The Karnataka High Court needs to be complimented for upholding the rights of academic institutions to prescribe a uniform for students and that the “hijab” is not essential to Islam.
The court, which heard various petitions that opposed the ban on hijab in some schools in coastal Karnataka, held that this head covering is not “essential” to Islamic practice. Also, the uniforms prescribed for students inside class is a “reasonable restriction” that does not contradict anyone’s right to religious freedom.
The second part of the judgement, that the ban on hijab by some institutions is a “reasonable restriction”, is more important than the first, which holds that hijab is not an essential part of Islam.
The three-judge bench, comprising Karnataka Chief Justice Ritu Raj Awasthi and justices Krishna S Dixit and J M Khazi, said: “We are of the considered opinion that the hijab is not an essential practice under Islam”, adding that the state government could allow its institutions to prescribe a uniform code without violating any rights under Article 25, which gives all citizens the right to freely practise or propagate religion according to their conscience.
Article 25 says that “freedom of conscience and free profession, practice and propagation of religion” shall be subject to “(1)public order, morality and health”. Further, this article does not prevent the state from “making any law… regulating or restricting any economic, financial, political or other secular activity which may be associated with religious practice…”.
The right of any Muslim girl or woman to wear the hijab is not taken away, as long as this is done outside class, where the laws of the institution hold precedence. The hijab can also be worn in institutions which allow them. This is why the High Court saw no reason to debar secular institutions from enforcing their own uniform code within their premises.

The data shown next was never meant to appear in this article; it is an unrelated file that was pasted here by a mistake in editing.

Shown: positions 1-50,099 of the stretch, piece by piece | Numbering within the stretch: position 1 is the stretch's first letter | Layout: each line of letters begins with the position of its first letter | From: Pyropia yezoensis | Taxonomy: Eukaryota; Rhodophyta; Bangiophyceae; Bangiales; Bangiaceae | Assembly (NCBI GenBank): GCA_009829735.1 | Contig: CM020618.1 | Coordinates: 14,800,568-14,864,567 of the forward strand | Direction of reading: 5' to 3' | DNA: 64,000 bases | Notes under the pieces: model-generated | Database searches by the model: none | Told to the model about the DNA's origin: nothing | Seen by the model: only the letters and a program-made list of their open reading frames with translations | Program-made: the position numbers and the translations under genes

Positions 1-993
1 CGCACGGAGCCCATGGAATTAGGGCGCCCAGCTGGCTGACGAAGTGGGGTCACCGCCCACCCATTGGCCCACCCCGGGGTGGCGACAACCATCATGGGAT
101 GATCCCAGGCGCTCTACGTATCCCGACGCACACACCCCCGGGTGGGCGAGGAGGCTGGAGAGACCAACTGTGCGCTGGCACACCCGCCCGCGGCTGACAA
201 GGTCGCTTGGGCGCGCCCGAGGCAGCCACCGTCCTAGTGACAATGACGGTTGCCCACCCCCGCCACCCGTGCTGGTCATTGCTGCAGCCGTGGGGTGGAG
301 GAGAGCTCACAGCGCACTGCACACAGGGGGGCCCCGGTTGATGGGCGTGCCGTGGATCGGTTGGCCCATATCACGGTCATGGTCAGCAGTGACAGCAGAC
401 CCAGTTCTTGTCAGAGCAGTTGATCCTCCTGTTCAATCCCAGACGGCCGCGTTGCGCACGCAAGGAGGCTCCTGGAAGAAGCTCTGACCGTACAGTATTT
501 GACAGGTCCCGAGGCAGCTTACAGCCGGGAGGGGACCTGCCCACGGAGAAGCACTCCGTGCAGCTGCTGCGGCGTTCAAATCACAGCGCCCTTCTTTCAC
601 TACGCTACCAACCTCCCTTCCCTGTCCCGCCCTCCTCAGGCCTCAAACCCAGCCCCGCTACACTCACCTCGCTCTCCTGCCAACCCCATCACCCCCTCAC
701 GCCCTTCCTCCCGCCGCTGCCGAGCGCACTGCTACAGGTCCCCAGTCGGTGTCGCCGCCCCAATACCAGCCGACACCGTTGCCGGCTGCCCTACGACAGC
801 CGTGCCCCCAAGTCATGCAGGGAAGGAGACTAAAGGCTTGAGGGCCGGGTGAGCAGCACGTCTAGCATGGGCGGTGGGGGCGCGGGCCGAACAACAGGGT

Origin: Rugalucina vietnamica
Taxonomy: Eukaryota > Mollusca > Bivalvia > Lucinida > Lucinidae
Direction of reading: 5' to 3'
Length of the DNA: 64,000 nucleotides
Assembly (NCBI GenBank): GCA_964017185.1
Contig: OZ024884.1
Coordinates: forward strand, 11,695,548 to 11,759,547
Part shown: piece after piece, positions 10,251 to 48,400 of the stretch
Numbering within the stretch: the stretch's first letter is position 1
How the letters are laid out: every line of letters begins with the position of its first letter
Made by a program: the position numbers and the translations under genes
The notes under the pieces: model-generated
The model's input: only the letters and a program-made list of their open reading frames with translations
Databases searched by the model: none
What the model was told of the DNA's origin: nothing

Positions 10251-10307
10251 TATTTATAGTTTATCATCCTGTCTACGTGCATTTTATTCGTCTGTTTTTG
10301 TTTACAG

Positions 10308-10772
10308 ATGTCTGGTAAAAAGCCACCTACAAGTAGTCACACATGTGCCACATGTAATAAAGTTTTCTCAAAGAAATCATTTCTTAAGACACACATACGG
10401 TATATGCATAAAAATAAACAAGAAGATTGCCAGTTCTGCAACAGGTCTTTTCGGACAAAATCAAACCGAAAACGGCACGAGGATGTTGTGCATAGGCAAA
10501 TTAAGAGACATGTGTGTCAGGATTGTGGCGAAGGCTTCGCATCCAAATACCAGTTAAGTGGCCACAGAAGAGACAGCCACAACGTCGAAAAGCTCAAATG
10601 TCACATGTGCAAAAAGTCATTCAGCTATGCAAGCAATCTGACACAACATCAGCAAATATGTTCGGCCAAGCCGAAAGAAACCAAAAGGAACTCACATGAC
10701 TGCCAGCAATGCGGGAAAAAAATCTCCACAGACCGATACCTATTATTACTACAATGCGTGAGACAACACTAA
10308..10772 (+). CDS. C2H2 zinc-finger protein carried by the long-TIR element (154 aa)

This much should have been commonsense, for if Muslims had been given the right to wear the hijab anywhere, it would have meant that sooner or later, the police or law-enforcement will similarly have to allow this exception to their own uniform and disciplinary routines. The Karnataka High Court has thus put a stop to the inexorable move to bring religion into every aspect of secular institutions of the state.
However, the statement that hijab is not essential to Islam is problematic, for this implies that the courts, rather than people belonging to a religious order, will determine what is essential to any religion. In many cases, religious activity cannot easily be separated from secular ones, and what is or is not essential to a religion cannot be decided by courts unless it is wholly repugnant to the idea of fundamental human rights or, specifically, child rights (eg, female genital mutilation).
By trying to separate secular activity from religious, the courts needlessly insert themselves into any effort to interpret religion, which is not needed. They should step in only in extreme cases, where religious activities are detrimental to human beings.
In other activities, religious institutions should be able to make their own decisions. For example, maintaining cleanliness in temples may involve awarding facilities management contracts to some maintenance outfits, but if this is seen as only a non-religious activity, the courts could well decide one day that non-Hindu organisations can clean Hindu temples. This cannot be universal right and every religious institution has the right to decide what is important and essential practice on its own.
Also, if courts are going to read scriptures before deciding the cases that come up before them, why bother reading the Constitution? It is not the job of courts to decide if Islam allows this or that, but what is relevant to a particular case. It must leave religious interpretation to people within a religion.
This apart, the Karnataka High Court judgement is a good one. And an important battle won against creeping Islamism in India. As an aside, it must also be pointed out that what the Muslims girl students protesting against the hijab ban were wearing not just wearing the head-scarf, but full body burkhas and face coverings. Upholding the ban would, in due course, have made it impossible to ban the full-face veil and burkha that many countries have banned in public places on grounds of security.
Jagannathan is Editorial Director, Swarajya. He tweets at @TheJaggi.
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